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DOE help

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  • #51132

    PRPatel
    Participant

    Hello all,
    I need to get your thoughts on the following…I’m running a DOE where the response is an attribute (the device made is either good or bad).  If the response was a variable, I would only do 2-3 replicates, but being an attribute I was thinking about using 5-6 reps.
    Does the amount of replicates make sense given the response to be an attribute?
    Cheers,
    -Patel.

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    #176792

    Remi
    Participant

    Hai PRPatel.
    It depends: Does 1 replicate conssist of only 1 product that can be good or bad? Then the answer is No; much too few; think in hunderds.
    If 1 replicate consists of a number of products (n) from which you calculate #good/n. Then it does not matter much for the total number of products you have to make in all the runs together in how many replicates you split it up (unless with the replicate action you want to detemine something extra (= use up df’s).
    There are generally 2 Strategies: (1) Fixate n=number of products made and measure # good ; (2) Fixate # good you want to see and keep the run ongoing until you have found them.
    Also the Y analysed should not be #good/n but arcsin(SQRT(#good.n)). This transformation helps making the residuals normal distributed.
    Probably Stan or Darth can help you with the exact formula’s.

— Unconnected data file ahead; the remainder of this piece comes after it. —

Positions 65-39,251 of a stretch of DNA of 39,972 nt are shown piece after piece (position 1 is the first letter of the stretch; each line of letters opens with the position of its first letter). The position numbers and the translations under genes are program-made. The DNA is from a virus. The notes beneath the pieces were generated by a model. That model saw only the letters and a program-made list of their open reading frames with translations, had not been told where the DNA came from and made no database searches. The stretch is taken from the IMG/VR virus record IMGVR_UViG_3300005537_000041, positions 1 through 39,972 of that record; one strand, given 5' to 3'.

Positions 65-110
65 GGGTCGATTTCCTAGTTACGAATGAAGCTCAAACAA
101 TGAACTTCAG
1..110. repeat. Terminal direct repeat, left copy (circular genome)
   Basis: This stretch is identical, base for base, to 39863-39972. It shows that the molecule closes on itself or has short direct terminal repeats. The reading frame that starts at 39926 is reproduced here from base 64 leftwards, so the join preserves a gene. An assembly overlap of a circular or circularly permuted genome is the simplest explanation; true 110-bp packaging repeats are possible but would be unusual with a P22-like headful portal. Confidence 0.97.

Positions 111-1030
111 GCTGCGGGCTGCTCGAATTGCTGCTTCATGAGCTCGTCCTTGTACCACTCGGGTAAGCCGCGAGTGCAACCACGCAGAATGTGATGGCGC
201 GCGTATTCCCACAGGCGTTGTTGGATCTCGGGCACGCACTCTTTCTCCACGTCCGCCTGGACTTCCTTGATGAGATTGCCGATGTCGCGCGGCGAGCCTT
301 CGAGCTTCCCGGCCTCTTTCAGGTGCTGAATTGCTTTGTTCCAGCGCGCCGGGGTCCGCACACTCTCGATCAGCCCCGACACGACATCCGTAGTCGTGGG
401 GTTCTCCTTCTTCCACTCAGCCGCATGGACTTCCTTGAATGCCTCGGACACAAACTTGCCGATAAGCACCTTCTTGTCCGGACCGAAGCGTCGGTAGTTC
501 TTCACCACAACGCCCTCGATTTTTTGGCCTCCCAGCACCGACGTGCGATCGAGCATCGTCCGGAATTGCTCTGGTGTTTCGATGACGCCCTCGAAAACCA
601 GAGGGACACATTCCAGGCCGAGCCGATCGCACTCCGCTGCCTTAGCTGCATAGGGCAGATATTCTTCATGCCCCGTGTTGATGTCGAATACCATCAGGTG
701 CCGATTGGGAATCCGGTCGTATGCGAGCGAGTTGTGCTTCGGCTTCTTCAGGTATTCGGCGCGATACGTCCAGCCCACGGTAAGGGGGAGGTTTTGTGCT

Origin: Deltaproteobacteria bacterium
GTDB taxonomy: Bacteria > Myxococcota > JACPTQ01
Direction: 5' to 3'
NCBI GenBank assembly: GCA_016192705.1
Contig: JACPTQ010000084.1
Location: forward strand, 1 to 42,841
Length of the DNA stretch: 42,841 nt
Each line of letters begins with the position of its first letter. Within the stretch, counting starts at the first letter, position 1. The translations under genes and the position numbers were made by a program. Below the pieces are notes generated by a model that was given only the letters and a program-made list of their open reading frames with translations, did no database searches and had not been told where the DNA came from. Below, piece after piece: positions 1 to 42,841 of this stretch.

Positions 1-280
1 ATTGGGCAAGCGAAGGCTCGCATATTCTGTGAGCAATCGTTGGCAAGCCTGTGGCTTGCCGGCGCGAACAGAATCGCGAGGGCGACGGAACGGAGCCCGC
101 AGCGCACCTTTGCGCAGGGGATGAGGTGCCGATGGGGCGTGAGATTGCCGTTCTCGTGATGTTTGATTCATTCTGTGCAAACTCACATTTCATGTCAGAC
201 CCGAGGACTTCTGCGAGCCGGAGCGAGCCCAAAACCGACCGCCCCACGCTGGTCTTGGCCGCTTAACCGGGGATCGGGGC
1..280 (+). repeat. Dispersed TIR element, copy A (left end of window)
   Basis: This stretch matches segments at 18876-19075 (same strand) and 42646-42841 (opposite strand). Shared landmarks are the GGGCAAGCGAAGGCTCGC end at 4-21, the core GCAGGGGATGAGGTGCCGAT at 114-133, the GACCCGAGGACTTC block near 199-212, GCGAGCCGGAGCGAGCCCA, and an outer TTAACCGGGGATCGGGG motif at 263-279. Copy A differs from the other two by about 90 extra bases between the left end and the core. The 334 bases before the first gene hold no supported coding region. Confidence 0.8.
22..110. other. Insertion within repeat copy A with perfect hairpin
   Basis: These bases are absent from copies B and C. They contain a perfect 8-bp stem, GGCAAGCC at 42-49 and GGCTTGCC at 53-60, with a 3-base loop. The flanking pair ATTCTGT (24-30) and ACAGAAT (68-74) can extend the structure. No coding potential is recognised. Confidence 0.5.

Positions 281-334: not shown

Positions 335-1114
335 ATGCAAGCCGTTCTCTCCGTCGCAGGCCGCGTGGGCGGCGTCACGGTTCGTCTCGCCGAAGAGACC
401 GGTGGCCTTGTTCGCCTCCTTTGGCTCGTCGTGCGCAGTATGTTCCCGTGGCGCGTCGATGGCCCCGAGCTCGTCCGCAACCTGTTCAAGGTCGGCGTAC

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    #176794

    Craig
    Participant

    I think you are going to find it difficult to analyze a bunch of 1s and 0s and get any useful information. I suppose logistic regression is the way to handle this kind of response, but I have never used it.
    If you can rate the samples on a scale of 1 to 7, you might be better off!
     

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    #176796

    Ken Feldman
    Participant

    Start with this thread and see if you get any insight.https://www.isixsigma.com/library/content/c030810b.asp

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    #176834

    Bernard C
    Participant

    With attribute data, the output response value Y to analyze for any design is a binomial (n, p) with n being the sample size (replicate)    of each run and p being the probability of success for each run; p is unknown and will vary at each run and n is also unknown (your question). Using a lower conservative estimate of p, say p1, then each run should use a common sample size of n = 5/p1 (or greater). This will make the output variable Y approximately normal (because np1=5) with mean np1 and variance np1(1-p1). The analysis of your response is done with the transformed variable Z=arcsin(sqrt(Y)) in order to make the variance independent of the mean. For exemple, if p1=0.05 then n= 5/0.05=100

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